9. Click the button “new” to create a new attribute map. Select a LDAP Attribute on the list which is unique and will be the username in EAA. (ex: sAMAccountName for AD, cn for other LDAP directory or email address).

    Set the Remote Attribute field with the value: “NameID

    eaa09

  10. (optional) Do it again for the LDAP attribute “memberOf” (or “groupMembership” for NetIQ eDirectory) and map it or remote attribute “Group
  11. To finish the attribute settings, be sure to select and move all of them to the left column.

    eaa10

  12. Apply and go the “Authentication Response” Tab:
    • Binding: POST
    • Check “Unspecified” in “Name Identifier Format” column, set it as “Default” and choose “LDAP Attribute:cn” (or “LDAP Attribute:sAMAccountName“, …)

      eaa11

  13. Click “OK” to Save and exit the configuration
  14. Click “OK” again, the list of IDP server is displayed, “deploy” the configuration by clicking “Update All“.

    eaa12

Remark:

  • If NAM Server has Internet Access, you can use the EAA Login SP Metadata URL to do an automatic configuration. In this case, in step 3, choose “Metadata URL” in the Source selectbox and type the URL: https://<eaa-login-sp-fqdn>/saml/sp/metadata

    eaa13

Optional: Using Signed SAML Request

Signed SAML Request allow NAM IDP to verify the authenticity of the EAA Login SP sending a request. So the request cannot be forged by someone else as only the EAA Login SP will have the private key of the signing certificate.

This is not a mandatory feature but a nice to have. Because what matters first is the SP trusting the IDP, meaning the IDP authenticity is the most important. As it will tell EAA the identity and the authorization info of the client, the trust has to be strong or everyone could stole any identity by faking some SAML assertion.

(Remark: both SHA1 and SHA2 hash algorithm are available, the default is SHA2)

Configuration in EAA:

  1. Edit the EAA Login SP (Identity Providers) in EAA Management Console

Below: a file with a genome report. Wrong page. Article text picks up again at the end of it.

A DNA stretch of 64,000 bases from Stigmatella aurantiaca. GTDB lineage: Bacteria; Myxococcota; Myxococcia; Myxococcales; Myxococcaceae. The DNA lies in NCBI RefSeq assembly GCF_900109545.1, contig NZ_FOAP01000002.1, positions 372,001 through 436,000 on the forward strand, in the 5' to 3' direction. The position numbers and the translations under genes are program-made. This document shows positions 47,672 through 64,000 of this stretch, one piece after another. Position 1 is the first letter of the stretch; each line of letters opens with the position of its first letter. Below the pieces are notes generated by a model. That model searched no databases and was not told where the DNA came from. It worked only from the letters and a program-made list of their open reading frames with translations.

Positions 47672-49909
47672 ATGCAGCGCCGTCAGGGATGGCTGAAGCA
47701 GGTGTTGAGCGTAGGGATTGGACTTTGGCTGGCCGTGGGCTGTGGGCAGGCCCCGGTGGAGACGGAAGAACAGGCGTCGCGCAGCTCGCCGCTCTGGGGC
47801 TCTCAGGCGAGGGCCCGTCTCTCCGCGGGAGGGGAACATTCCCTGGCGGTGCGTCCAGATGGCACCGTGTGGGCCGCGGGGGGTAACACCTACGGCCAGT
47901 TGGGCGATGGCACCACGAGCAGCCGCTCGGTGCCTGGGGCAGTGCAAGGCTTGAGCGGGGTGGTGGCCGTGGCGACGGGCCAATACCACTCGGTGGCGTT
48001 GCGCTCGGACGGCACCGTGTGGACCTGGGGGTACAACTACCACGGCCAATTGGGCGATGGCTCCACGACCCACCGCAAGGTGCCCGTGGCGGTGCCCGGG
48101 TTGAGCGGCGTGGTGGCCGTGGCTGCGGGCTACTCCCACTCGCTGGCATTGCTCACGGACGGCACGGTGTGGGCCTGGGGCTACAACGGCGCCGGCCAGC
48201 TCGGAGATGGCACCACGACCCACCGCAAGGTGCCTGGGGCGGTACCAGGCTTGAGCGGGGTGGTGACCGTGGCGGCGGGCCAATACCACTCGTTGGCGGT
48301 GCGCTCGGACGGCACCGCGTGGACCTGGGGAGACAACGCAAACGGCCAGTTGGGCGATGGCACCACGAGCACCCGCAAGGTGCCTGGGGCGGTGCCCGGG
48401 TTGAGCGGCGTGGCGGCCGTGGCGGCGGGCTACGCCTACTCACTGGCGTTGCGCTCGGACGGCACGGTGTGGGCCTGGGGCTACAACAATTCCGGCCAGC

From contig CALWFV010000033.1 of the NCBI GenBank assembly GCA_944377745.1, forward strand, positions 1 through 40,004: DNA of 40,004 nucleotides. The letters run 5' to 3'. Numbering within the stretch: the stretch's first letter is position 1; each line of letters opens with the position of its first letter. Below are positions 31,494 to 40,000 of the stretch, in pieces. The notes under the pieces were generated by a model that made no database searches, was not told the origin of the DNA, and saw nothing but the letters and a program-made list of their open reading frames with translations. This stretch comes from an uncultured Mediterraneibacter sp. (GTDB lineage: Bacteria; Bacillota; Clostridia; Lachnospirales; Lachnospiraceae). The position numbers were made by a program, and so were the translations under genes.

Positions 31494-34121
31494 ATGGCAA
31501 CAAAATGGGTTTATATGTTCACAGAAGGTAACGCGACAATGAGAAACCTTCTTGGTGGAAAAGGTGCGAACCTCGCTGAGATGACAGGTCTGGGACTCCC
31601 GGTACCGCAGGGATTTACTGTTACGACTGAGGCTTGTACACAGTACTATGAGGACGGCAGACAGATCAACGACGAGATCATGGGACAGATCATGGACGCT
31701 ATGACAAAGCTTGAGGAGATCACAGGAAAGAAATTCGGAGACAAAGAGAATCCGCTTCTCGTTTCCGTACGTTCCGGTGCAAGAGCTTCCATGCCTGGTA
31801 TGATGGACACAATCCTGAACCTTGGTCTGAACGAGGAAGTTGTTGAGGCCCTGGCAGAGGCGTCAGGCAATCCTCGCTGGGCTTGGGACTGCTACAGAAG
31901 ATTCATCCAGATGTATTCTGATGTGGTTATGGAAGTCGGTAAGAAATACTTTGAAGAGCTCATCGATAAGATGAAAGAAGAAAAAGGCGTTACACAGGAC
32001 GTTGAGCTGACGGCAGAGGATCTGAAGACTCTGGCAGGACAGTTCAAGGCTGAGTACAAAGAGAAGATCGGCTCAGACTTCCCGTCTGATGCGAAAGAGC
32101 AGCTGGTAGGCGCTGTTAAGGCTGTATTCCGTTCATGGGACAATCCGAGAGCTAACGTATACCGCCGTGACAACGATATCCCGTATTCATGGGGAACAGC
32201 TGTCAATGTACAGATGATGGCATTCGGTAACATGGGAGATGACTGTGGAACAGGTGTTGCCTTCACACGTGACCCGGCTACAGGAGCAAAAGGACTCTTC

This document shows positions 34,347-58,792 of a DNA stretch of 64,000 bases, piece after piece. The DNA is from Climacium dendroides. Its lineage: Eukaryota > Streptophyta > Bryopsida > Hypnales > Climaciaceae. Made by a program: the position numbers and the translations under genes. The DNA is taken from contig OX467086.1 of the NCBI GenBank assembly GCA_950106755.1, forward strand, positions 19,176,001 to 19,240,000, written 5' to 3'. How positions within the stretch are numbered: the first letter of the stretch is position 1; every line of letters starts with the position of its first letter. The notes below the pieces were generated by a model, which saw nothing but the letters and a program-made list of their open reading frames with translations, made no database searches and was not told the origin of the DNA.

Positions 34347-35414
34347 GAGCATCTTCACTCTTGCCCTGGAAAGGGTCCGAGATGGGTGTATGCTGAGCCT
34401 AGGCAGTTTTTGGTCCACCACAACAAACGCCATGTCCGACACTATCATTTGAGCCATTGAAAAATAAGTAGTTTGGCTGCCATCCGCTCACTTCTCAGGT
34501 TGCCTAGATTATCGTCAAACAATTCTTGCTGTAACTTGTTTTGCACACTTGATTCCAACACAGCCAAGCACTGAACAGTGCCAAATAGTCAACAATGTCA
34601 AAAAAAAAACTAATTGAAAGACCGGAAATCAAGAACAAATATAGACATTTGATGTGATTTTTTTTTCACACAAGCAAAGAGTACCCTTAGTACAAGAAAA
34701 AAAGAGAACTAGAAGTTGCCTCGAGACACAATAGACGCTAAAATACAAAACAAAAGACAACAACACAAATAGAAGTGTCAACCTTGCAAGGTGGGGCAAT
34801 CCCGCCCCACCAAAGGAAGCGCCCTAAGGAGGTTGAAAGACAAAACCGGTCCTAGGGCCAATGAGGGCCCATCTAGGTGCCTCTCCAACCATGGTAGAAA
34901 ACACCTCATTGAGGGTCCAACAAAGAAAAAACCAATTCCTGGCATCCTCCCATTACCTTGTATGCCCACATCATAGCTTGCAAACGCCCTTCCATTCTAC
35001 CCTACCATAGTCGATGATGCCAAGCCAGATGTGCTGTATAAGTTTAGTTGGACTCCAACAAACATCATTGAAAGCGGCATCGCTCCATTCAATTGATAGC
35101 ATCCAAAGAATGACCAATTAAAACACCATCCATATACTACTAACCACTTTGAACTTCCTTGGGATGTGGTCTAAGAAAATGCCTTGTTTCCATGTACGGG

2. Tick “Sign SAML Request” and copy the public key of the certificate to a local file you can name “nam-eaa-sp-sign.pem”

    eaa19

  3. Save & Exit

Configuration in NAM:

  1. First task is to upload the public key of the Certificate Authority used by EAA Signing Certificates. In NAM Console go to “Security” -> “Certificates

    Screenshot at oct. 11 18-03-31

  2. Copy/Paste the following public key (EAA Signing CA)
    -----BEGIN CERTIFICATE-----
    MIIEMzCCAxugAwIBAgIQZYE9cARyEeeCGfRcicFe7zANBgkqhkiG9w0BAQsFADBi
    MQ0wCwYDVQQDDARTb2hhMRswGQYDVQQKDBJTb2hhIFN5c3RlbXMsIEluYy4xEjAQ
    BgNVBAcMCVN1bm55dmFsZTETMBEGA1UECAwKQ2FsaWZvcm5pYTELMAkGA1UEBhMC
    VVMwHhcNMTcwMzA5MDI0NTAzWhcNMzcwMzA0MDI0NTAzWjBiMQ0wCwYDVQQDDART
    b2hhMRswGQYDVQQKDBJTb2hhIFN5c3RlbXMsIEluYy4xEjAQBgNVBAcMCVN1bm55
    dmFsZTETMBEGA1UECAwKQ2FsaWZvcm5pYTELMAkGA1UEBhMCVVMwggEiMA0GCSqG
    SIb3DQEBAQUAA4IBDwAwggEKAoIBAQCwt674nE05LDtg7gwhmnaMfE+rZm06gMji
    BFp9XLVoKm35qaYWUoEMCwo4wJHjuG8Myrv2Mi3PRZi+vaE5L5y4yxR+1bnZaNgw
    ZprcqkukxI+phSl6kLXJVZ+J4GpzXyqHiMa+Eh/KWde60W1Vcv7c18KTjVqG3Plx
    KxcAukxOfkuWnacsEOQnCuJ/UZM6mQXI5Y/zfmWEslyyVar9TSxZ50WANpZtaZej
    F9s9n6oMrfOwcG3ZMaCZlMDY5/0yS9F3YKzeAP+VViBMXXgGcpqc9tK+T5QBaZ8t
    kVcbrqnYm+RbADyhog8f0K+BFqFfHaiXjD0F7TL+rQ5ndo9RSTWjAgMBAAGjgeQw
    geEwEgYDVR0TAQH/BAgwBgEB/wIBADAOBgNVHQ8BAf8EBAMCAQYwHQYDVR0OBBYE
    FJRbyeOqMpMRLMEnmlGZt4EVr2qaMIGbBgNVHSMEgZMwgZCAFJRbyeOqMpMRLMEn
    mlGZt4EVr2qaoWakZDBiMQ0wCwYDVQQDDARTb2hhMRswGQYDVQQKDBJTb2hhIFN5
    c3RlbXMsIEluYy4xEjAQBgNVBAcMCVN1bm55dmFsZTETMBEGA1UECAwKQ2FsaWZv